By Mubatsi Asinja Habati
Twaweza speaks out about its impounded `change’ calendars
Uganda police could have impounded a consignment of 700,000 calendars because they have messages of “change”, a word that is apparently anathema to the force. Twaweza, the publisher of the calendars that bear photographs of politicians and celebrities, say close to 2 million of the same calendars had been distributed in Tanzania and Kenya without trouble. But the Uganda police at Mutukula border impounded them and questioned Morrison Rwakakamba, the Uganda country manager of Twaweza, an East African region organization focusing on social change. Rwakakamba told The Independent’s Mubatsi Asinja Habati why he thinks the police misunderstood Twaweza’s message.
What is in your calendars that caught the attention of the police?
The calendars are not a Uganda issue alone; they are in Tanzania and Kenya. We have the same calendars with the same message of: Who will change your world in 2012? Will you wait all year for someone else? Or will you take action today? In Tanzania, we have distributed 1 million calendars and Kenya 700,000. We had printed the calendars in Tanzania because it is cheaper there. On the way to Uganda the police impounded the calendars at Mutukula border post on Feb. 17 and transported them to Kampala on Feb. 23 yet Uganda Revenue Authority had cleared them. But somehow the police felt uncomfortable with the message in the calendars.
What reason did the police give to impound a consignment of Twaweza calendars?
They say the calendars contained messages which could incite the public. But we think this is a message that tells citizens to wake up to the realisation that they have to change their livelihoods not to wait for leaders, governments or NGOs to solve their problems. We believe empowering these people can help them make changes in their lives. We think this is a misunderstanding that the police should not have caused.
So do you don’t believe what the police say about your calendars?
Absolutely not; we think the calendars are not inciting as they want you to believe. It is colossal misunderstanding on their part. There are no political innuendos in these calendars.
Your calendars talk of change and Activists for Change, an opposition political pressure group, are calling for change. Could this have motivated the police to impound the calendars?
There are those who would like to think like that but Twaweza is a non-partisan organisation. It is independent and has existed before the activities of some political organisations. It has carried out campaigns which tell citizens that they should not be looking for change from somewhere else; whether it is from political leaders, NGOs, but citizens in their own way should be able to do the change that they seek. We have been explaining to the police that we are not behind any political activity. This is an innocent campaign trying to stimulate citizens to think about their lives. People will always use the word change and it does not mean change of the political system or the regime. It means change in people’s livelihoods. The change we are pursuing is from the individual point of view.
But these people you deal with live in a political world where politics affect their wellbeing?
Yes, politics may affect them but it is up to them to change their own environment, their own community. And we are saying don’t solely look at these leaders whether in government or opposition as the (only) people to change the situation; we are saying that change begins with you. Your leaders or governments cannot solve all your problems. That’s the key message we are pitching.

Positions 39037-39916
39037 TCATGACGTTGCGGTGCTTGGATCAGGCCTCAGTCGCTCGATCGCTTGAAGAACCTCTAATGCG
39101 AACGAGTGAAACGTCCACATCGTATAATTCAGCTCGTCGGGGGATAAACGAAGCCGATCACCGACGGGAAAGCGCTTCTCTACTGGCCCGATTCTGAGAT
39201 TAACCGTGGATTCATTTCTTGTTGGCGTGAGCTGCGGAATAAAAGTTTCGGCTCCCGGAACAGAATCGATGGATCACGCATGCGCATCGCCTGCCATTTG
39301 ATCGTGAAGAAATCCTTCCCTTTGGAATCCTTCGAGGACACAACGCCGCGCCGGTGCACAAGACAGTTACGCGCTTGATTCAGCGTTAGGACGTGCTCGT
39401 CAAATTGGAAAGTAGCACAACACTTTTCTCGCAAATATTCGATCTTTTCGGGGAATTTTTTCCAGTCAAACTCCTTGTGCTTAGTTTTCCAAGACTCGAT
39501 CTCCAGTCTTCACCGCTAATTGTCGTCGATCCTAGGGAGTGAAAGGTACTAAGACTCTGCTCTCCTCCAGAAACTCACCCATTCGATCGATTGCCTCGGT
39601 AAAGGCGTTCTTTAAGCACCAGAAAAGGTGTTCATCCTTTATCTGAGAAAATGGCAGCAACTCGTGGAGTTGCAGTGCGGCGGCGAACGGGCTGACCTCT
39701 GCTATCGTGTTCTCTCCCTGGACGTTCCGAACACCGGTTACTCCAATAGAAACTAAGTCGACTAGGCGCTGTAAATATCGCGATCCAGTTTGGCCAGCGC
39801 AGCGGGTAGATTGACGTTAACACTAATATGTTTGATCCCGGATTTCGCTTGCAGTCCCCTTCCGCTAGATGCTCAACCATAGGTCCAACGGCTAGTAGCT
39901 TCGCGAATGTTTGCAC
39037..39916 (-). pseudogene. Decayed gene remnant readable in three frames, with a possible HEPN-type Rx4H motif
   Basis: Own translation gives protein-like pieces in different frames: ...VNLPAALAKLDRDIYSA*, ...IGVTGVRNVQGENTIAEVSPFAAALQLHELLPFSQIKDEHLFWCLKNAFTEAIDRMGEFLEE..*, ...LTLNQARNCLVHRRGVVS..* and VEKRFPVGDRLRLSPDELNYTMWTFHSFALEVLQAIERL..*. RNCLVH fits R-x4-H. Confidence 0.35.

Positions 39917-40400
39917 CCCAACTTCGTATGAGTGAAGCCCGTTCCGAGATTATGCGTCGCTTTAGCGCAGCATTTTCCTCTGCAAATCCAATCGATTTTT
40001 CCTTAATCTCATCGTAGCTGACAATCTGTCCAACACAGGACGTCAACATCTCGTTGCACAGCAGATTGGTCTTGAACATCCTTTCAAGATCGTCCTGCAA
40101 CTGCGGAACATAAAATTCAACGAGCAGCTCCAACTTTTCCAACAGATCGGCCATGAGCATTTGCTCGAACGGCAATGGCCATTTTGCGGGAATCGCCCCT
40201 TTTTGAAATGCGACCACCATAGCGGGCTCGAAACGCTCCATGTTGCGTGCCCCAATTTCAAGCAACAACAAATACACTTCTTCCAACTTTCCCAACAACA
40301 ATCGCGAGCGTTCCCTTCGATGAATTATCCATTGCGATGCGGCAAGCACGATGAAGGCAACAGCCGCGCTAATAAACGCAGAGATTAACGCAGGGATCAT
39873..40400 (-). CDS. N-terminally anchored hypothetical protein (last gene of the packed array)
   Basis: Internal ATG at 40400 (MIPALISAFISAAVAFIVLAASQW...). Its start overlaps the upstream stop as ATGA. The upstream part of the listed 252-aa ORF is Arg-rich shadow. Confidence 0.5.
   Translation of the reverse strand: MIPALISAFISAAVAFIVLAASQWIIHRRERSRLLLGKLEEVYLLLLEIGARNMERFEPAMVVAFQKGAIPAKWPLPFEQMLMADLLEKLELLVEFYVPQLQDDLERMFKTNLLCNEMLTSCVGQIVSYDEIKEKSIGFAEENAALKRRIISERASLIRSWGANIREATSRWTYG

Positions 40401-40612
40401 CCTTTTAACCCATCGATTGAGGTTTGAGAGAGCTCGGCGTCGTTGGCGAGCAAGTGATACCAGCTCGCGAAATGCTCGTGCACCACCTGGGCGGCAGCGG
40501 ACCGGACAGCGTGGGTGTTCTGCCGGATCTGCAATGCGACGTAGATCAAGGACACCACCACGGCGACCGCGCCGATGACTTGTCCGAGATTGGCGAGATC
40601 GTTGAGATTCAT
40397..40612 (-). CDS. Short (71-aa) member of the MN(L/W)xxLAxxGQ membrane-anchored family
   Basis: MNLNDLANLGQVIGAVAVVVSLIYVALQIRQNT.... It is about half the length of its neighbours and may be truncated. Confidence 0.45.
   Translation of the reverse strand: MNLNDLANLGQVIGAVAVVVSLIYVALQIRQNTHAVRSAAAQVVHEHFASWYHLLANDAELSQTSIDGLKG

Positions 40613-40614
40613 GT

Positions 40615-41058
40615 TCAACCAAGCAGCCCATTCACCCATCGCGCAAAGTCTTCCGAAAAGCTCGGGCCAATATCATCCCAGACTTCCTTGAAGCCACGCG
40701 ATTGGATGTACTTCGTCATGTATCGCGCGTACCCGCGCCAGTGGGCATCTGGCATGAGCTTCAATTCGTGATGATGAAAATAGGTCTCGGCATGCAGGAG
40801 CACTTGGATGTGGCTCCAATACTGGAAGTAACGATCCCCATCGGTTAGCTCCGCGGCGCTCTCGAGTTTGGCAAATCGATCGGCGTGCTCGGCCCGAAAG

You reported to police for questioning, what did they say?
They want to know the reasons behind the message and why the calendars contained photographs of political leaders. We told them the faces on the calendar are of people in leadership, who are in the news and always in people’s face. People look at those leaders as having solutions to their problems. But we are saying that this should not always be the case. The calendars also have global leaders like President Barrack Obama, Ban Ki Moon, Nelson Mandela and celebrities like Lady Gaga, Wayne Rooney, etc. the message is that yes you may be enjoying watching Rooney play his soccer but he won’t come and solve the problems in your house. We are also saying government can bring teachers to the classroom but again it is the responsibility of the parent to take the child to school and ensure that when the child is back home, the parent can switch off the TV and see how the kid does their homework. Government can provide an environment and let people determine the change in their lives.
But after the photos and questions of ` who will change your in 2012’ that appear on your calendars, there is a box where you ask people to put a photo; which seems to be different from what you are saying?
It is just that again you misunderstanding. We are saying that who will change your world and then you have a couple of pictures and we are saying will you wait for someone else. By saying put your photo here it means it’s you to change your world. This is why we are called Twaweza ni sisi meaning `we can make it happen ourselves’ the citizens of East Africa. That is the symbolism.
What’s Twaweza about?
It is a Swahili word for `we can make it’. It is a HIVOS (A Dutch Development agency) initiative across East Africa. Our core business is to ensure that citizens access information to stimulate their imagination and take action. We believe that lasting change takes a bottom up approach. Every day we seek to contribute to making responsible citizens.